Silver was reeling under the bearish grip for the past several weeks. It was the worst-performing precious metal in 2022. A firmer US dollar, rising global interest rates, and a decline in industrial demand lessened the sheen of the commodity throughout the year.
In the international market, silver hit an all-time high of $49.51 an ounce in 2011. But, due to weak fundamentals, it sank to a low of $11.61 by March 2020. It again went up to $30 an ounce but lost momentum later. However, the ongoing demand optimism further reignited the metal’s prospects.
A recent report published by the Silver Institute projects global silver demand is likely to reach a record high of 1.21 billion ounces this year with a noticeable increase in key areas of demand, except photography.
Industrial demand is on course to grow 539 million ounces this year, although there are some micro-economic headwinds and weaker consumer electronics demand. Growing demand for governments’ commitments to green infrastructure, vehicle electrification, and the adoption of 5G technologies lifted the overall demand for the commodity.
Silver is an integral part of many green technologies. Since the globe is moving towards a green economy, investment in decarbonisation and electrification continues to grow. It is largely used in renewable energy solutions, especially in photovoltaic industries. Silver loadings are high for the electrification of electric vehicles as well. These new and emerging applications are offering structural support to the metal.
Physical investment demand is also set to post new highs in 2022. Global inflation fears, recession concerns, and bargain buying at lower levels attracted investor attention. A near-double demand from India has also lifted the appeal of the white metal.
Prevailing supply-demand dynamics are too supportive for the metal. The global silver market is estimated to post a second consecutive deficit this year. Meanwhile, mine production is expected to rise by one percent. Despite high energy prices raising worries about mine production, several major new projects have come online in recent years offsetting concerns of supply shortage.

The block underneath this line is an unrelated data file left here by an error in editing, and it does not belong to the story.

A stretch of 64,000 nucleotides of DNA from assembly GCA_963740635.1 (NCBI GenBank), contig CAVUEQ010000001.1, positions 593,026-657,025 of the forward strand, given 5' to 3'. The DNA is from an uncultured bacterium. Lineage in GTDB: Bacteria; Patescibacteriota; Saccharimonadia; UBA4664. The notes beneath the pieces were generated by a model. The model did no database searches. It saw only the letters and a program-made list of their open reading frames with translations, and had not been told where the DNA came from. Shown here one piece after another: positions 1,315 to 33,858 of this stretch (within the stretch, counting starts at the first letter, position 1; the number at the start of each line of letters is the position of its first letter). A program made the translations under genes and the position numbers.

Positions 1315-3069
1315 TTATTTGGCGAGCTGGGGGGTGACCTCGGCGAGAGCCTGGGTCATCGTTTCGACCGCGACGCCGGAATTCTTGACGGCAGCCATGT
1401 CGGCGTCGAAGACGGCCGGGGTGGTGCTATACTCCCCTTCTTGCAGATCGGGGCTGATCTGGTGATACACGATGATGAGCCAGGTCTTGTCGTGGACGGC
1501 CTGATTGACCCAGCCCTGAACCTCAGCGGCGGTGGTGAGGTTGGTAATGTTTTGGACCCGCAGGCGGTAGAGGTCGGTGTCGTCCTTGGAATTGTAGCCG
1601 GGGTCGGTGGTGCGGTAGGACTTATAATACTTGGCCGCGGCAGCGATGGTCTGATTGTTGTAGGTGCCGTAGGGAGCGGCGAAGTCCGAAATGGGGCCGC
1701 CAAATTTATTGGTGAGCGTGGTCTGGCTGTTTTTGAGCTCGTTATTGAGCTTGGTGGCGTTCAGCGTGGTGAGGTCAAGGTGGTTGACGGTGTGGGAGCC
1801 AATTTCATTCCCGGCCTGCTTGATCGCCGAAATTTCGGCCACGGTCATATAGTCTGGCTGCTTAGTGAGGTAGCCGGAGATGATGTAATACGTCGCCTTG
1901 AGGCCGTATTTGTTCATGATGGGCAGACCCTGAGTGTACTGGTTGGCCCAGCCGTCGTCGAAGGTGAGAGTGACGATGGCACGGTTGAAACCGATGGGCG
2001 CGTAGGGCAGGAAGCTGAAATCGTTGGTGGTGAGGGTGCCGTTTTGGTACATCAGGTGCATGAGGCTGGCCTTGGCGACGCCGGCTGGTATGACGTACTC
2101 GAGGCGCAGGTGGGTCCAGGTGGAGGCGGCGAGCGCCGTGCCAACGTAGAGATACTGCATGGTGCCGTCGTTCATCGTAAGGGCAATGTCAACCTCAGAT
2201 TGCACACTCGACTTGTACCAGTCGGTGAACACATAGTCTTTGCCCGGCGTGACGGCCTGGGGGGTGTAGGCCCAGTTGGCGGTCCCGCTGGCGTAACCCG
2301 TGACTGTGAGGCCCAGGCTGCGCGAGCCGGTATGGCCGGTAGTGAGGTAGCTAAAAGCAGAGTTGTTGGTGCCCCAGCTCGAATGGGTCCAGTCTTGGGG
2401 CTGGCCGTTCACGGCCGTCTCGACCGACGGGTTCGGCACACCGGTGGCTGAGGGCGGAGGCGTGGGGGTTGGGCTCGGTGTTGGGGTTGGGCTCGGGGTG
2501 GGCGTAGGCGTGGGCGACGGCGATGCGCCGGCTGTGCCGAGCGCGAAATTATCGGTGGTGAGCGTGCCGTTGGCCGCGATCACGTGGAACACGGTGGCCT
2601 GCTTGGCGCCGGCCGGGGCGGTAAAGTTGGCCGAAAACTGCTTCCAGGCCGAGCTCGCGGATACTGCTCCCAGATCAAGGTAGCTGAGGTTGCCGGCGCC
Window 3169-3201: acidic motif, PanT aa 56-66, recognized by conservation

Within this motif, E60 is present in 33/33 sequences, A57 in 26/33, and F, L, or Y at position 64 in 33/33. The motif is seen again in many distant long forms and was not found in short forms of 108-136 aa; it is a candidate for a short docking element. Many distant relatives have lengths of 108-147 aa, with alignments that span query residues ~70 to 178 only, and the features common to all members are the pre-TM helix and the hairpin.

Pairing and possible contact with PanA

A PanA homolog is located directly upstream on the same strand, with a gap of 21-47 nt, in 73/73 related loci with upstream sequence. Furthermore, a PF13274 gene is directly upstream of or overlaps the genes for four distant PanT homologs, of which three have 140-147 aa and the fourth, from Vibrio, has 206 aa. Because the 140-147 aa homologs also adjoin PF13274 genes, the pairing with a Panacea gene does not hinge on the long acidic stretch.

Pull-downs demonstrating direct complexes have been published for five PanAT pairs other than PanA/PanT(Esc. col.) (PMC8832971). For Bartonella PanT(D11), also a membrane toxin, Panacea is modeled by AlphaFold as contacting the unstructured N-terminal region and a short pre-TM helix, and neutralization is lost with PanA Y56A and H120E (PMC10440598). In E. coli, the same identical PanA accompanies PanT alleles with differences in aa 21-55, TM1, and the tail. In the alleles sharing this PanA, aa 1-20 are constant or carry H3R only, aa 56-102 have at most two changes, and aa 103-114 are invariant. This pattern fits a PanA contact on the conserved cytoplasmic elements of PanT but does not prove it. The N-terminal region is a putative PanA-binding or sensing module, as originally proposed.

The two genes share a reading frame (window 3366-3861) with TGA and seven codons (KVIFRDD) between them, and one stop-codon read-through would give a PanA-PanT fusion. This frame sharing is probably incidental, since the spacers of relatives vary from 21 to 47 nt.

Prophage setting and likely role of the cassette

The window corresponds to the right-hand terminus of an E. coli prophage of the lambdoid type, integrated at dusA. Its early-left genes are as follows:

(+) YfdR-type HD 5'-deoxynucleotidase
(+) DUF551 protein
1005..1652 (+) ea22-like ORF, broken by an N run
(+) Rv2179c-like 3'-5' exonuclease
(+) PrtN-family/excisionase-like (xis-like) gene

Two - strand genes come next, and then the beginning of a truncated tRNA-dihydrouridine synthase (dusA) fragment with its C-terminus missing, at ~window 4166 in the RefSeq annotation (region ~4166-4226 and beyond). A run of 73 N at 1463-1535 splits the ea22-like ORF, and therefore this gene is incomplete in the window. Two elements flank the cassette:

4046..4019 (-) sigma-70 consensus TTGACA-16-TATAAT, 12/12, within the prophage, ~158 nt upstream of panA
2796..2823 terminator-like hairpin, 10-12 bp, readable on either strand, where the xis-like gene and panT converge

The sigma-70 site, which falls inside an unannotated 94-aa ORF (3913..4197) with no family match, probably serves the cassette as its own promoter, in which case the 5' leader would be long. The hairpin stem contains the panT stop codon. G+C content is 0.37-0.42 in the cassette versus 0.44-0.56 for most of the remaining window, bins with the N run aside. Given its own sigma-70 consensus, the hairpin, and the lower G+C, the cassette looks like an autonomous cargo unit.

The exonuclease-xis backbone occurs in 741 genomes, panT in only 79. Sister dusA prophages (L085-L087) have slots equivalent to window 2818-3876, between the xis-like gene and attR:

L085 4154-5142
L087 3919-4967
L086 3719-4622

Meanwhile, ETF demand continues to be on the lower side. Institutional investors refrained from the metal due to high volatility and opportunity in other asset classes. Gold and silver usually move together as both are considered safe havens. Nevertheless, in the past few years silver traded flat even though gold prices rallied to record highs. This has reduced the appetite for silver, especially from professional investors.
A possible rebound in global economic activity due to cooling energy prices and softening of hard-line stance by Russia is likely to push the metals’ industrial demand in the near future. Likewise, easing global inflation is expected to push the retail demand as well. Hints of slowdown in the pace of rate hikes by the US Federal Reserve and falling dollar index, perhaps rekindle the metal’s investment demand as well.
From the technical point of view, London spot prices may vary within $22.50 – 17.50 an ounce levels initially and breaking any of the sides would suggest fresh short-term directions. Domestic prices are most likely to trade choppy inside Rs 51000-Rs75000 per kg levels with mild positive bias.
(The author, Hareesh V, is Head of Commodities at